Let me apologize to all the people who know me and saw the title of this post. I know there are people who are thinking about me and the flight I am about to take with my family to Seattle and Portland. I am not writing about that flight. I intend to include that in my next post after we arrive. Instead, I thought it would be interesting to give you readers a flashback to the worst flight our family has ever endured. That way, when I talk about the one we are taking this week, you will have a point of reference.
The “worst flight ever” took place two years ago when we went on a family vacation to the Caribbean. We had a 4-hour direct flight from Dallas. Traversing the airport wasn’t too bad because both Gray and Lena were still using strollers. Getting through security where we had to give up those strollers and walk one-at-a-time through the scanner was a bit of a problem. It was sort of like the riddle about getting a fox, a chicken and a bag of corn from one side of a river to the other. Barry and I had to carefully sequence our times to walk through the scanner to keep Gray from making a mad dash across the airport. In anticipation of Gray having a hard time with sitting in one place for that long, I gave him a Benadryl just before we boarded the flight. After we got settled in our seats, Gray started to fall asleep. Unfortunately, that is when Lena started asking for things and crawling over her brother. This got him revved up and he spent the rest of the flight super-tired but unable to fall asleep. In other words, Gray was miserable. We had just started using the iPad for communication and he wasn’t really very reliable with it yet. He didn’t see the value of using it and, therefore, had very little interest in it for communication or entertainment. That meant that I had nothing to hold Gray’s interest other than snacks.
In a nutshell, Gray spent 3 of the 4 hours on the flight trying to get off. He did not want to stay in his seat and he did not want to be on that plane. He screamed and he flailed. He flung himself into the aisle and grabbed onto anything he could reach as Barry and I took turns dragging him back into our row. Our row was the first behind first class: the bulkhead row. This was helpful because Gray could sit on the floor and Barry and I could block him with our bodies to keep him from escaping too often. This was also unfortunate because the passengers and flight attendant in first class were very upset with the noise level that was so close to them in the steerage compartment. The flight attendant kept pulling at the curtain that divides the two cabins as though the transparent piece of mesh could act as a sound barrier. At one point, she poked her head through the curtain and questioned Barry:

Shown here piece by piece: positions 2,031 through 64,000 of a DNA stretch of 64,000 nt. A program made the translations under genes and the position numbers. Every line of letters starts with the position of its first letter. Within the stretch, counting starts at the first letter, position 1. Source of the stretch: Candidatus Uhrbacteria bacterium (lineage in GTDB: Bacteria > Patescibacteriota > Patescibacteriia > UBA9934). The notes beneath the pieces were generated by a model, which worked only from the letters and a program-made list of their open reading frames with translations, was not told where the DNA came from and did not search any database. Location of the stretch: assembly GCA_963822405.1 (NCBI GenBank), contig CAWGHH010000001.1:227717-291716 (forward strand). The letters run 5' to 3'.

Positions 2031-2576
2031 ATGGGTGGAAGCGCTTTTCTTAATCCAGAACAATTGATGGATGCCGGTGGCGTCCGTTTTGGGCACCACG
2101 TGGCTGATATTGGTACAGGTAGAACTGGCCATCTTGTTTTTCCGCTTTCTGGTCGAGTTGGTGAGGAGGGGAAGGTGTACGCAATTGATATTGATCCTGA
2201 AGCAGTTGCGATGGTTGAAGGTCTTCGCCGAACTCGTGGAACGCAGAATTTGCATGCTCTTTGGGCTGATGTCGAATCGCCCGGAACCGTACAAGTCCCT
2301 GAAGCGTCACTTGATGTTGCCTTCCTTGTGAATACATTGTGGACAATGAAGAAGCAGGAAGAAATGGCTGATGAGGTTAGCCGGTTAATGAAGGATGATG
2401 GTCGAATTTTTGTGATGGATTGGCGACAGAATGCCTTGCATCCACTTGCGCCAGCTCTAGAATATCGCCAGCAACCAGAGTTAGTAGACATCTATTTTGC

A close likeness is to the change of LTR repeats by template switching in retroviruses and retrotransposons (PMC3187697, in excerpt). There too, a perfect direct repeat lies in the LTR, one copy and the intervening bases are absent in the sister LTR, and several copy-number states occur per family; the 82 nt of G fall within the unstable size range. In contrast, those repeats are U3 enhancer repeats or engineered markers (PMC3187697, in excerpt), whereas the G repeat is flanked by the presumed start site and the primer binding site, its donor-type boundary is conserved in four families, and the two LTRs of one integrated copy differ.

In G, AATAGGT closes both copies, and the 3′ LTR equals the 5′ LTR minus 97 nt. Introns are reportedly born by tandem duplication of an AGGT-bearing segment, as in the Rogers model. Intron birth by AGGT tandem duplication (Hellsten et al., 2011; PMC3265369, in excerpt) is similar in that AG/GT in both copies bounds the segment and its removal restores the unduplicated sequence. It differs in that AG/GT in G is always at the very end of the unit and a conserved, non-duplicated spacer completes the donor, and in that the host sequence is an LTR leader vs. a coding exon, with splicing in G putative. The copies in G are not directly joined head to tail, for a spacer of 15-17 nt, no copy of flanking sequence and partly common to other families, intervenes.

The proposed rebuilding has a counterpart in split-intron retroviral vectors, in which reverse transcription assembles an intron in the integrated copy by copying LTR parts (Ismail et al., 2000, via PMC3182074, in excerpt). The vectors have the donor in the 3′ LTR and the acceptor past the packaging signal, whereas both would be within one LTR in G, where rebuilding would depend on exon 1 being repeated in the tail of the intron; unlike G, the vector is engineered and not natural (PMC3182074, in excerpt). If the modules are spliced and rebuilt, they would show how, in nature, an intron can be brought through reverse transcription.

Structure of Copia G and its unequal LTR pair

“Can you do something to control your son?” She said this as I was literally laying on top of Gray on the floor while he writhed around beneath me. “What exactly is he so upset about? Does he dislike flying?” Let me be clear. There was no sweetness or understanding in this woman’s voice. She was obviously just annoyed with us for being such laissez-faire parents. She thought that it hadn’t occurred to us that his behavior was a problem.
Barry gave her a wide-eyed confused look and replied, “You know, I really have no idea how he feels about flying. He won’t tell me because he can’t speak. You see, he is severely autistic and likely mentally retarded so I just don’t know what his travel preferences are.” –I know, the mentally retarded statement is offensive, but Barry was going for effect. And it worked. The flight attendant just closed her mouth and went back behind her mesh curtain. The man sitting next to Barry just laughed and said, “I don’t think she is going to be coming back!”
Let me say that the other passengers on the flight were incredibly kind and understanding. No one gave us dirty looks or complained. As I sprayed apologies across the cabin like an old lawn sprinkler that rotates clockwise across the lawn before ratcheting back to start again, the people around us tried to console me. They were sorry that he was so unhappy and they offered many (unsuccessful) solutions. People offered us toys, snacks, and video players. Of course, I realize this was an act of self-preservation on their parts as much as it was an act of kindness, but I appreciated their efforts nonetheless. At one point, I tried walking Gray down the aisle to let him move around, but that just gave him the opportunity to share his tantrum with the rest of the plane. I guess the people at the back who were wondering what was going on at the front may have felt pleased to finally know the answer, but I suspect that their pleasure quickly wore off when Gray got to each row, grabbed the person on the aisle and screamed in his or her face.
While I stood there, in the aisle, trying to prevent Gray from assaulting people, I absolutely considered the possibility that the pilot might have to land the plane and eject us from the flight. Mercifully, Gray fell asleep about 40 minutes before the flight landed. We decided to stay in our seats to let the other passengers off when it was time to deplane. I didn’t know how Gray would react when we woke him to get off the plane. I figured that the other passengers had endured enough and deserved to peacefully escape the nightmarish flight we had created.
At least half of the people who passed us on their way out said something kind or gave us sympathetic looks. I don’t know how we did it, but Barry and I survived the flight in an amazing show of teamwork. Our flight home was much later in the afternoon and we spent the day wearing Gray out on the beach to ensure him sleeping on the flight.
For our trip to Seattle and Portland this week, I carefully selected our flight to let Gray have a morning of activity at camp before we go to the airport. I pray that my plans will work out.